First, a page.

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Commercial Disputes: Litigation is Crucial Step While Arbitration can be Alternative

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Staff Writer, TLR

Published on March 20, 2024, 11:49:15


arbitration, disputes, commercial disputes, litigation, commercial litigation

In the United Arab Emirates (UAE), resolving commercial disputes typically involves either litigation or arbitration. Although arbitration is increasingly favoured for its efficiency, litigation remains the primary method for resolving disputes in the UAE

An examination of the essential aspects of commercial litigation in the United Arab Emirates encompasses procedural protocols, evidentiary considerations, and judicial decision-making.

Commercial litigation spans a broad spectrum of conflicts, ranging from corporate disputes and company liquidations to bankruptcy proceedings, insolvency matters pertaining to partnerships, trade disputes, and debt recovery cases


Resolving commercial disputes in the UAE requires navigating a legal system influenced by Shariah and civil law, including litigation.

Parties in dispute can opt for litigation, presenting their case before the courts, particularly the Court of First Instance in the respective emirate.

The UAE follows a civil law system, where cases are adjudicated based on their merits and facts. Court proceedings are conducted in Arabic, necessitating the involvement of a UAE National lawyer. All court submissions must be translated into Arabic, accompanied by legal attestations if required.

Court System Overview

Emirates except Abu Dhabi and Ras Al Khaimah (RAK) are integrated into the Federal Judicial system. These emirates follow a standard structure, consisting of:

  • Court of First Instance
  • Court of Appeal
  • Court of Cassation (RAK, however, lacks a Court of Cassation, with all appeals directed to the Supreme Court of Abu Dhabi).

The UAE operates under a civil law system, with distinct legal structures in free zones like the Dubai International Financial Centre (DIFC) and Abu Dhabi Global Market (ADGM).

These zones, governed by English or common law, feature specialised commercial courts conducting proceedings in English. Conversely, onshore UAE courts operate in Arabic, requiring all submissions to adhere to Arabic regulations.

Limitation Period

Commercial disputes are bound by limitation periods dictating the timeframe for filing lawsuits. Federal Law No. 5 of 1985 (Civil Code) generally sets a 15-year limitation, subject to statutory adjustments depending on the claim nature.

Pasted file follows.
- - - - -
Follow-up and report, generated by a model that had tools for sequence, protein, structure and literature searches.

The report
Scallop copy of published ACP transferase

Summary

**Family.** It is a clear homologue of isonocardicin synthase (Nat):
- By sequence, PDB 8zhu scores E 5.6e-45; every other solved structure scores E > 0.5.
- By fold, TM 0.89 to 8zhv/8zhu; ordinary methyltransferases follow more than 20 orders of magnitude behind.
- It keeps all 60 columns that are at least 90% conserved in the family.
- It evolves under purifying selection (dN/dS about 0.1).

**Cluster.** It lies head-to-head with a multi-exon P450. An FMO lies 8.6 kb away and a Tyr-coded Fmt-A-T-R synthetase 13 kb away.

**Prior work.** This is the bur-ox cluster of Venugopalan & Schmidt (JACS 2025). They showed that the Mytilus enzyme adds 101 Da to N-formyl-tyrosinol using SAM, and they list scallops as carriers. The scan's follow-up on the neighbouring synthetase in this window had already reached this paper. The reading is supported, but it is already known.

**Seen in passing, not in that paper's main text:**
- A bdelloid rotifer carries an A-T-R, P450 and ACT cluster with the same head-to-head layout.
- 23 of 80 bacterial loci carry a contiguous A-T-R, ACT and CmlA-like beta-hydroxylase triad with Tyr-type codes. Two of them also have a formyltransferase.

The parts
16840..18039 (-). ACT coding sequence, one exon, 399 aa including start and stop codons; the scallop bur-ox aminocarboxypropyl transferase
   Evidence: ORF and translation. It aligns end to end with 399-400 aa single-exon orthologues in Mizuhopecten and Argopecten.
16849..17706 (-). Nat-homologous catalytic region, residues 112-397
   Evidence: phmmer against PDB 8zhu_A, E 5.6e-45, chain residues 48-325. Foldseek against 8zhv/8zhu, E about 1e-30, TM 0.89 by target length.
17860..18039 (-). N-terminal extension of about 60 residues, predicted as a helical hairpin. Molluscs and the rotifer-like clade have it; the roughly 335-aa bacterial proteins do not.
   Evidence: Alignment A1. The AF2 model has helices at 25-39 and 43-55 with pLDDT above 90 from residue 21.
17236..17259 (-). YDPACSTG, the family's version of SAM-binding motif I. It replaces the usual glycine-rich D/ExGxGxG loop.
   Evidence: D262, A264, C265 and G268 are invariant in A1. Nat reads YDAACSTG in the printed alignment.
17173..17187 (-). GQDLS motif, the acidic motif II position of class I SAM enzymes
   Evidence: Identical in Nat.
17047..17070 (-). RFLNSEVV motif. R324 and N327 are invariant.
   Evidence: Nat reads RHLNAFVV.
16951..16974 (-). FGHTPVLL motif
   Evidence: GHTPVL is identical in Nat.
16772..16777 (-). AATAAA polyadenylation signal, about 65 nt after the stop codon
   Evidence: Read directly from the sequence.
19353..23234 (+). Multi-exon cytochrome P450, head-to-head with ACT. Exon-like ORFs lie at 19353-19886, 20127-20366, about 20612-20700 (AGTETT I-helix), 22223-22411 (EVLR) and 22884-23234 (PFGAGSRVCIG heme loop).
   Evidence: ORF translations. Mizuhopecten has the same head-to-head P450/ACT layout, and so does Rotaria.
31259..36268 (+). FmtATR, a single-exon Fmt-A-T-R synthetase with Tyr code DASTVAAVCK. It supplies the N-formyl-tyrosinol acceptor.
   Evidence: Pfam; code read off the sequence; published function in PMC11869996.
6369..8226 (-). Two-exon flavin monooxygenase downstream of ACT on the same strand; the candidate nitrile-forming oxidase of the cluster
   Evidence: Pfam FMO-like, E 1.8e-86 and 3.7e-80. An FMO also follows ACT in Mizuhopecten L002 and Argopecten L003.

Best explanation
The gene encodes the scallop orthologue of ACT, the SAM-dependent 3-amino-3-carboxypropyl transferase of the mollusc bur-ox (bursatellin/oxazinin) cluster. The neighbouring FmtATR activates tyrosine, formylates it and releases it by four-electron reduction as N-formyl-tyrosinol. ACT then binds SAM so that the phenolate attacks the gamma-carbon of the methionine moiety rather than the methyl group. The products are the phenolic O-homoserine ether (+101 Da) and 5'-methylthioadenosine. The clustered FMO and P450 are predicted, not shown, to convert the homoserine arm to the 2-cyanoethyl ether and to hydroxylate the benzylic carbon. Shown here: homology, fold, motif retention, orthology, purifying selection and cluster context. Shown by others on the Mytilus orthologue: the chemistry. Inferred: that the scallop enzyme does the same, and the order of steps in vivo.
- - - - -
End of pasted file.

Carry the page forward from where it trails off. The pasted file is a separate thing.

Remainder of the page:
Different Stages Followed by UAE Courts

Stage I: Registration of Case: Proceedings commence with the submission of a pleading/plaint accompanied by court fees, varying from 3-6 per cent with a maximum cap of Dh40,000. Upon registration, the court issues a summons to the defendant along with a hearing date.

Stage II: Service of Summons: Summons are served to the defendant via courier, email, or a court officer. If the defendant fails to acknowledge receipt, the court may adjourn the matter for another hearing.

Service can also be made through affixing the summons on the defendant’s property or publication in local newspapers. For defendants residing abroad, a summons is served through diplomatic channels or electronic means.

Stage III: Hearing: Once the defendant responds, the court schedules a hearing for the claimant's reply. Further hearings occur until both parties submit memorandums and supporting documents. Failure of the defendant to attend may result in an ex-parte judgment. Additionally, the court may appoint a third-party expert for technical matters.

Commercial Litigation Steps

Governed by Federal Law No. 11 of 1992 (Civil Procedures Law), commercial litigation in the UAE follows a structured process:
Filing a Case: Plaintiffs initiate proceedings in the court of first instance by submitting a detailed statement of claim, notifying defendants who must respond with a memorandum of defense.

Hearing of the Case: Pleadings are public, with the plaintiff presenting their case followed by the defendant's defense and evidence submission.
Expert Report: Courts may appoint experts, registered in the Ministry of Justice, to offer opinions. Expert reports are shared with parties, though non-binding  and may deviate from court judgments.
Judgment: The court issues a judgment outlining the case's basis, including court details, case type, and judges' names.
Enforcement: Following judgment receipt, the prevailing party files an execution application. Courts may seize assets, impose bankruptcy, or issue arrest warrants or travel bans against debtors.
Appeal: Parties may appeal judgments, except when explicitly or implicitly accepted. Appeals are filed within set timeframes, with subsequent appeals to higher courts based on specific grounds.

To effectively deal with commercial disputes in the UAE, it is important to have a good grasp of legal frameworks and procedural intricacies.

While arbitration can be an alternative, litigation is still a crucial step. People involved in commercial disputes within the jurisdiction should have a good understanding of the nuances of the UAE's legal system and the steps involved in commercial litigation to achieve the best possible outcome.

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